idealizing armed might, cruelty, and violence-based power.
There are here no images of "noble warriors" or
scenes of battles. Nor are there any signs of "heroic
conquerors" dragging captives around in chains or other
evidences of slavery.
Also in sharp contrast to the remains
of even their earliest and most primitive male-dominant
invaders, what is notable in these Neolithic Goddess-worshiping
societies is the absence of lavish "chieftain"
burials. And in marked contrast to later male-dominant civilizations
like that of Egypt, there is here no sign of mighty rulers
who take with them into the afterlife less powerful humans
sacrificed at their death.
Nor do we here find, again in contrast
to later dominator societies, large caches of weapons or
any other sign of the intensive application of material
technology and natural resources to arms. The inference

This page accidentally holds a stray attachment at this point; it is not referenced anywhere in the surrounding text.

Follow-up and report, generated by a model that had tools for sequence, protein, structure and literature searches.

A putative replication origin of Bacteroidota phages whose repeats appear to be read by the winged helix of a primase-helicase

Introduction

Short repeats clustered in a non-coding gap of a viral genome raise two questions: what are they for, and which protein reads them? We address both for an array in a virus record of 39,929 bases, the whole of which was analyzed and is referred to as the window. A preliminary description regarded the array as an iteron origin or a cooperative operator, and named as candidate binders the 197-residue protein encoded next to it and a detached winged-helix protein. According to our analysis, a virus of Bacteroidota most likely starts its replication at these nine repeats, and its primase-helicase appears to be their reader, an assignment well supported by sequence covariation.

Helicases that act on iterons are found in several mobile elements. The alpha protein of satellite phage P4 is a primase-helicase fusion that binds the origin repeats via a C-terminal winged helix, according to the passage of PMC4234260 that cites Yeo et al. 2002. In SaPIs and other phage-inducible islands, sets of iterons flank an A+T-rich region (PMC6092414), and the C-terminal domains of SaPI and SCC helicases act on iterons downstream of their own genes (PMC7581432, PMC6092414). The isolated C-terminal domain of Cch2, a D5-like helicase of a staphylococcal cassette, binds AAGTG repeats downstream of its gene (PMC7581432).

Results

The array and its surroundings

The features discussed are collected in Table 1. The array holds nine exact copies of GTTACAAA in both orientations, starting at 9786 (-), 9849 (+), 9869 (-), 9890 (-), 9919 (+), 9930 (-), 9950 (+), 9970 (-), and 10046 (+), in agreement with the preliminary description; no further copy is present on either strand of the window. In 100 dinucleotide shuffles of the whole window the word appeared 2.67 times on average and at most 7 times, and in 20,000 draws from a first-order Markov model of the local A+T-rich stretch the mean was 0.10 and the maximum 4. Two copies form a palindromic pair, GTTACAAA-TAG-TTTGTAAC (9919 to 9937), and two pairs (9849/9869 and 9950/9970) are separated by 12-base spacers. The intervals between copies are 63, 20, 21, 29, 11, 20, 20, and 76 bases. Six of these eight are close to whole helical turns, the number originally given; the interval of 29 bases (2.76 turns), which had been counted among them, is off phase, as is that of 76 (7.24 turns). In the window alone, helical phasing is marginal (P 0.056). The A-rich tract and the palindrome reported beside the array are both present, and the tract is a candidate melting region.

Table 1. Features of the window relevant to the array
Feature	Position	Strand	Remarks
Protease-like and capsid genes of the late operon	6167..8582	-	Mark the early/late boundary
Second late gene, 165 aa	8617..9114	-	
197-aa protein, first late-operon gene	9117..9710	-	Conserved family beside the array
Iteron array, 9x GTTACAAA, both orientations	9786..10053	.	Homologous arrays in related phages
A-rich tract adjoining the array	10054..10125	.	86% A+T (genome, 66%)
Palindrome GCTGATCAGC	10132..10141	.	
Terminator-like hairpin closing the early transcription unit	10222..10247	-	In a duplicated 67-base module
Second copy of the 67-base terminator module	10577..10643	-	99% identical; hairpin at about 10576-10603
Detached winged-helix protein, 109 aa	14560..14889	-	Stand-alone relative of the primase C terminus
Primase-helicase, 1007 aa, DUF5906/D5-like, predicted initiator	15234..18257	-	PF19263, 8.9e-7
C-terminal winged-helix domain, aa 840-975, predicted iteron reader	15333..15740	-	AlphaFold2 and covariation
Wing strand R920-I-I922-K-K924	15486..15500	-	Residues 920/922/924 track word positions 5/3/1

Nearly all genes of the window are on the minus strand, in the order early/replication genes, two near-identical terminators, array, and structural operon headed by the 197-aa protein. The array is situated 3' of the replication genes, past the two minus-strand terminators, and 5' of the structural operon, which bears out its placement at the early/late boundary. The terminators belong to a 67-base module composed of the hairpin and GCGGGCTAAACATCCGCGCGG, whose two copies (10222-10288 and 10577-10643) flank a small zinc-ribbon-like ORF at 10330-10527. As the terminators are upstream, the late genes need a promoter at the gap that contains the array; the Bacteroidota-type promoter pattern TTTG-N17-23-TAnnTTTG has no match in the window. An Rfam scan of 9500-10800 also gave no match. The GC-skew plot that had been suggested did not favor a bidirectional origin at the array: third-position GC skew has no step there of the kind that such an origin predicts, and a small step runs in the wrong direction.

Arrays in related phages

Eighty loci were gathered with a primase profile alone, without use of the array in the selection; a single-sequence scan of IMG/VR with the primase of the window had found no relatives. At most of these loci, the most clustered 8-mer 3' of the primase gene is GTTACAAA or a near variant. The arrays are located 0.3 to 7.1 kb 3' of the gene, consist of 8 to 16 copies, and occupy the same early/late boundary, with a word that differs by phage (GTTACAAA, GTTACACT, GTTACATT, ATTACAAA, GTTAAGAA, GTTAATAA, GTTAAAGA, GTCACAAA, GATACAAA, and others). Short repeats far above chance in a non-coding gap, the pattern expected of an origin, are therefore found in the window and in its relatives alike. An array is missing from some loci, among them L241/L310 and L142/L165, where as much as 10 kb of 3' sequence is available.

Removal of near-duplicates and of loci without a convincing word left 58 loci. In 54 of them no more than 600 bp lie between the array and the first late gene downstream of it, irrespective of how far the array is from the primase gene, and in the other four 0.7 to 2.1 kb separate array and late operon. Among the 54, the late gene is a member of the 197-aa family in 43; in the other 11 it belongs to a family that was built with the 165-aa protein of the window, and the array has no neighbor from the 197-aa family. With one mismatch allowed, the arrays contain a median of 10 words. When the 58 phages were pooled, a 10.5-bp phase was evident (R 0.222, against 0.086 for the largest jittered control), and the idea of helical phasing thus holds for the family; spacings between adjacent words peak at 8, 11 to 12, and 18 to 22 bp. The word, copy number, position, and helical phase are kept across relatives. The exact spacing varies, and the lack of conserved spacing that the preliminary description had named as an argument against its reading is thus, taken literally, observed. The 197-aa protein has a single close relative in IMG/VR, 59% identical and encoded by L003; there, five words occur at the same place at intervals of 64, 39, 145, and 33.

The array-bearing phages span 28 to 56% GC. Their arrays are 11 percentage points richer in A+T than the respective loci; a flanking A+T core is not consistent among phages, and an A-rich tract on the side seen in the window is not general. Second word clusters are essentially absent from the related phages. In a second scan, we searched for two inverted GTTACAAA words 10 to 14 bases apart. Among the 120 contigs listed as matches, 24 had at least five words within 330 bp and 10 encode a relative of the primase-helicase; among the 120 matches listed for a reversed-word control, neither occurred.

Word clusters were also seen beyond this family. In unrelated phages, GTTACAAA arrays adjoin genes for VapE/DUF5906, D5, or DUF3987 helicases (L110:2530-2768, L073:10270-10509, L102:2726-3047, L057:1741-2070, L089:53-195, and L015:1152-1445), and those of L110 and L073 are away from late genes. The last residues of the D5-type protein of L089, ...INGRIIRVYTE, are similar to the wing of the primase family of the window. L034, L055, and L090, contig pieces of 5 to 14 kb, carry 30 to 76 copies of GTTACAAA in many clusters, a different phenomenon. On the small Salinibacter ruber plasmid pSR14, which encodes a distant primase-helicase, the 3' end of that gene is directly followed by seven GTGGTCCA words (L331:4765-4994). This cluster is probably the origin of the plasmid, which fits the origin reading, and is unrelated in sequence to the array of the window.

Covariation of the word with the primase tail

that this was a much more, and indeed characteristically,
peaceful era is further reinforced by another absence: military
fortifications. Only gradually do these begin to appear,
apparently as a response to pressures from the warlike nomadic
bands coming from the fringe areas of the globe....
In Neolithic art, neither the Goddess
nor her son-consort carry the emblems we have learned to
associate with might- spears, swords, or thunderbolts, the
symbols of an earthly sovereign and/or deity who exacts
obedience by killing and maiming. Even beyond this, the
art of this period is strikingly devoid of the ruler-ruled,
master-subject imagery so characteristic of dominator societies.
What we do find everywhere-in shrines
and houses, on wall paintings, in the decorative motifs
on vases, in sculptures in the round, clay figurines, and
bas reliefs-is a rich array of symbols from nature. Associated
with the worship of the Goddess, these attest to awe and